Tuesday, December 9, 2014

Monday Miscellany - Some Odds, Ends and Personals



Some items on love . . .

An online news report last week:

Bride in hospital, groom and best man charged after Hobart wedding brawl

By Edith Bevin

A Hobart bride has been hospitalised and her groom and his best man charged with disorderly conduct following an alcohol-fuelled brawl at their wedding reception on Saturday morning.

Celebrations were in full swing when the bride became unwell just after midnight on Friday and guests called an ambulance.

When paramedics arrived they called for police backup because of the drunk and rowdy crowd.

Police said when they turned up some of the wedding party became aggressive and threw punches.

It took six police units to bring the situation under control, they said.

The groom and the best man were taken into police custody and have now been charged with disorderly conduct.

Police said the maid of honour was also spoken to but not taken into custody.

The bride is receiving treatment in the Royal Hobart Hospital for alcohol poisoning.



Whilst searching something on the net I came across the lovelock trees of Namsan in Korea. Love locks refers to the practice of attaching engraved padlocks and message locks, usually on an I Love You theme, to fences and other structures. I have previously written about such love locks being attached to the gabion walls of Ballast Point Park in Birchgrove.

Some trivia and pics:


The website 10 Most Today has listed 10 Awesome Love Lock locations

Pont des Arts Bridge, Paris, France - 
The most famous love locks location in the world is located on this pedestrian bridge in Paris, over the river Seine. It is estimated that the weight of the locks on this bridge may reach 93 metric tons! In June 2014, part of the parapet that carries the padlocks collapsed under the weight




Hohenzollern Bridge, Cologne, Germany –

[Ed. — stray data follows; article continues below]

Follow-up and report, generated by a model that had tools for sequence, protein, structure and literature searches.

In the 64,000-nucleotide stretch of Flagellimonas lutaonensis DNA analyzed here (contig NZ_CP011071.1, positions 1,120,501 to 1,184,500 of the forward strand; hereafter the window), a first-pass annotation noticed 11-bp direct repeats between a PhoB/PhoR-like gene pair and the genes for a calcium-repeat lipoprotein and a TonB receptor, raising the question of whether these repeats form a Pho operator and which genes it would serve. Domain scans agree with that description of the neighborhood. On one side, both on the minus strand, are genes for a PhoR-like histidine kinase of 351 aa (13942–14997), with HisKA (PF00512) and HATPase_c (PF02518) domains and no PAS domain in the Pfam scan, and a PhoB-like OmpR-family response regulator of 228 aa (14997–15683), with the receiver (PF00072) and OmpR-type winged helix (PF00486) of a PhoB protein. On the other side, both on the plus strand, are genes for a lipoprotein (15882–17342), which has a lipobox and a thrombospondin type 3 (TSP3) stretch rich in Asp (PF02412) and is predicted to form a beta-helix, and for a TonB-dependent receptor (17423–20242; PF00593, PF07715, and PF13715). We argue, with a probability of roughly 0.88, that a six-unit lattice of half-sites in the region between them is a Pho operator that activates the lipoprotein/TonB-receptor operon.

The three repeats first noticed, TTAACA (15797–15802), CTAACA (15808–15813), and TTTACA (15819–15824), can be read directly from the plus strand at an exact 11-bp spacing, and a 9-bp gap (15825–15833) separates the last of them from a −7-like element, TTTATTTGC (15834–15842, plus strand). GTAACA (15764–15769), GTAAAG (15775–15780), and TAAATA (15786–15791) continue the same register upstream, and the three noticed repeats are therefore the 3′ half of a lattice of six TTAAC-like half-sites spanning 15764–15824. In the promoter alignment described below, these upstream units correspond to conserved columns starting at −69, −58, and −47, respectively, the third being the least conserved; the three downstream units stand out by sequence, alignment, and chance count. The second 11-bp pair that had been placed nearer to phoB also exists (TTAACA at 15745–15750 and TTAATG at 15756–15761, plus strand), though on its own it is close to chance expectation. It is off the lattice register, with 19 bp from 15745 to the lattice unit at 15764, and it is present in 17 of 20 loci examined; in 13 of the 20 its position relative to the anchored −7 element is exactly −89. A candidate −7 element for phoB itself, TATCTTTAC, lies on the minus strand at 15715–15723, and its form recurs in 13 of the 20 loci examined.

Love locks started appearing on this bridge over the river Rhine in Cologne, in the year 2009



N Seoul Tower, Seoul, South Korea – 
Seven artificial “love trees” were put on the terraces of this tower in Seoul by the tower’s operators. Those artificial trees are capable of holding great weight, especially designed with the padlocks weight in mind. The tower’s operators also provided a “key bin” for the keys, so those won’t be thrown from the tower. The regular fences were also replaced by glass fences so that padlocks couldn’t be locked on the fence itself


Vodootvodny Canal, Moscow, Russia – 
Another artificial “love tree”, this time on a bridge across the Vodootvodny Canal in Moscow. This is just one of many such iron trees



Mount Huang, China – 
The fences on Mount Huang in China are packed with love locks. Sweethearts lock their soul together on one of the fences and throw away the key to the valleys below



Most Ljubavi, Vrnjačka Banja, Serbia – 
Most Ljubavi, meaning “Bridge of Love”, is one of 15 bridges in the town of Vrnjačka Banja, in Serbia. The bridge is a major destination for love padlocks



Malá Strana district, Prague, Czech Republic – 
Love padlocks can be found on a pedestrian bridge in the Malá Strana district



Monte Milvio Bridge, Rome, Italy – 
Love locks are gaining more and more momentum in Italy, and it all started in the Ponte Milvio bridge in Rome. The ritual in Italy is inspired greatly by a fictional event in the popular book “I Want You” by the Italian author Federico Moccia



Butchers’ Bridge, Ljubljana, Slovenia - 
This new pedestrians bridge has started collecting its share of love locks in 2010. The bridge crosses the Ljubljanica river



Brooklyn Bridge, NYC, New York, United States – Many love locks were locked to the Brooklyn Bridge, but they are now being removed due to safety concerns



As noted above, various places such as Paris and Brooklyn are removing padlocks, primarily because the tremendous weight of the locks is causing damage to structures. In Paris a part of the Point des Artes bridge fence and rail collapsed and fell to the ground below, thankfully not causing injury. Locks have also been removed from structures in Italy, Ireland, Canada and Australia. Additional reasons for removal include interference with heritage items and that many people consider them unsightly, such as the originators of the website No Love Locks at http://nolovelocks.com/about/


Pont des Artes in 2005

Pont des Artes since people began affixing locks from 2008


Imagine the weight.







Removal in Rome

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